A Brief Note On Tetanus And The Pediatric Emergency Department

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Assessment of Tetanus Risk in the Pediatric Emergency Department
Anthony R. Arredondo, DO
Resident, Department of Pediatrics,
University of Texas Health Sciences Center San Antonio
Daniel J. Dire, MD, FACEP, FAAP, FAAEM
Clinical Professor, Departments of Emergency Medicine and Pediatrics,
University of Texas Health Sciences Center San Antonio
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Tetanus is a life-threatening but preventable disease that is characterized by an acute onset of painful muscular contractions (usually in a descending pattern, starting with trismus or lockjaw) and generalized rigidity.1 It is caused by the toxin of Clostridium tetani, a spore-forming bacterium. The spores can be found in soil, dust, and in human and animal feces, entering the body through breaks in the skin and germinating under low-oxygen conditions .1,2 The most successful intervention against tetanus in history is its prevention by means of an effective vaccine which has led to a dramatic fall in the incidence of tetanus.3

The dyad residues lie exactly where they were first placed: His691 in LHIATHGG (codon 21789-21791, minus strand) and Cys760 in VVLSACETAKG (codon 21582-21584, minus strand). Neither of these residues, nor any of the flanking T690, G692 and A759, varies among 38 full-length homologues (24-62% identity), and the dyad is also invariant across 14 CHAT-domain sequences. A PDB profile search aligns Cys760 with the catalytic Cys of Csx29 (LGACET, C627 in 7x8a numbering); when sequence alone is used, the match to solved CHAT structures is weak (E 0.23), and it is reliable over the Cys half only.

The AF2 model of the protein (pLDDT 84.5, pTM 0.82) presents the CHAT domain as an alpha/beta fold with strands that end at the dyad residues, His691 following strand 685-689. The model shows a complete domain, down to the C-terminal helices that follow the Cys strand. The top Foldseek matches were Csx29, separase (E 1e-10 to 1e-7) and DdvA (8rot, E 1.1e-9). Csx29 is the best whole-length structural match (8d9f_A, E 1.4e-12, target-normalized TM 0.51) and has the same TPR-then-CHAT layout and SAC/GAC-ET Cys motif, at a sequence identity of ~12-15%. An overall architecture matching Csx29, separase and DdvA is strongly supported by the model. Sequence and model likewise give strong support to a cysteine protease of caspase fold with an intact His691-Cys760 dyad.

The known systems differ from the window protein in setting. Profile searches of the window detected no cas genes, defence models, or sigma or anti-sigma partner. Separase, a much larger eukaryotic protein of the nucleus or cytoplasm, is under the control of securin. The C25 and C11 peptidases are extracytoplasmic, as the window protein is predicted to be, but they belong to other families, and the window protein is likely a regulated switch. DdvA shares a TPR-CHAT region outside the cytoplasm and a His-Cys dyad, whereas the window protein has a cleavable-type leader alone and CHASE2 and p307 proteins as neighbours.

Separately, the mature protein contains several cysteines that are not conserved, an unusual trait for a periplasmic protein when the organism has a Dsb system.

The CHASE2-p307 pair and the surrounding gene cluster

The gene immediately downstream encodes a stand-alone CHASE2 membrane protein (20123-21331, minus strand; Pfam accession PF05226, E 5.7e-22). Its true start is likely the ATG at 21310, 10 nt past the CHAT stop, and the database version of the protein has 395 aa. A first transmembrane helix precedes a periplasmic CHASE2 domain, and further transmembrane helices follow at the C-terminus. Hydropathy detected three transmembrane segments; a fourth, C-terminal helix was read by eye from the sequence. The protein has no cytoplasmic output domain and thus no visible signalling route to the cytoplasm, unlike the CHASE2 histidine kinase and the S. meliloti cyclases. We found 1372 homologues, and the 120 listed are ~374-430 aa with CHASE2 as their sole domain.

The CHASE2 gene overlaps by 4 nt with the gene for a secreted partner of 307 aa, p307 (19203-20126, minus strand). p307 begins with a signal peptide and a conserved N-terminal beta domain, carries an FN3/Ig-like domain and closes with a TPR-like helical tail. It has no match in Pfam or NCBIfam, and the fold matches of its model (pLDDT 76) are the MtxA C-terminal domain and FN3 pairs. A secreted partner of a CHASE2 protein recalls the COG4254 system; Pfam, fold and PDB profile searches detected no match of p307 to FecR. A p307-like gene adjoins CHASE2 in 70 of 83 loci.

Tetanus occurs in all parts of the world most frequently in hot and wet climates where the soil contains a lot of organic matter. Although rare in the United States (US), with an average of 29 reported cases per year from 1996 through 2009, it has not been eradicated by vaccination programs.2 While early diagnosis and intervention are lifesaving, prevention is the ultimate management strategy.4 According to the US Center for Disease Control (CDC), nearly all cases of tetanus are among people who have never

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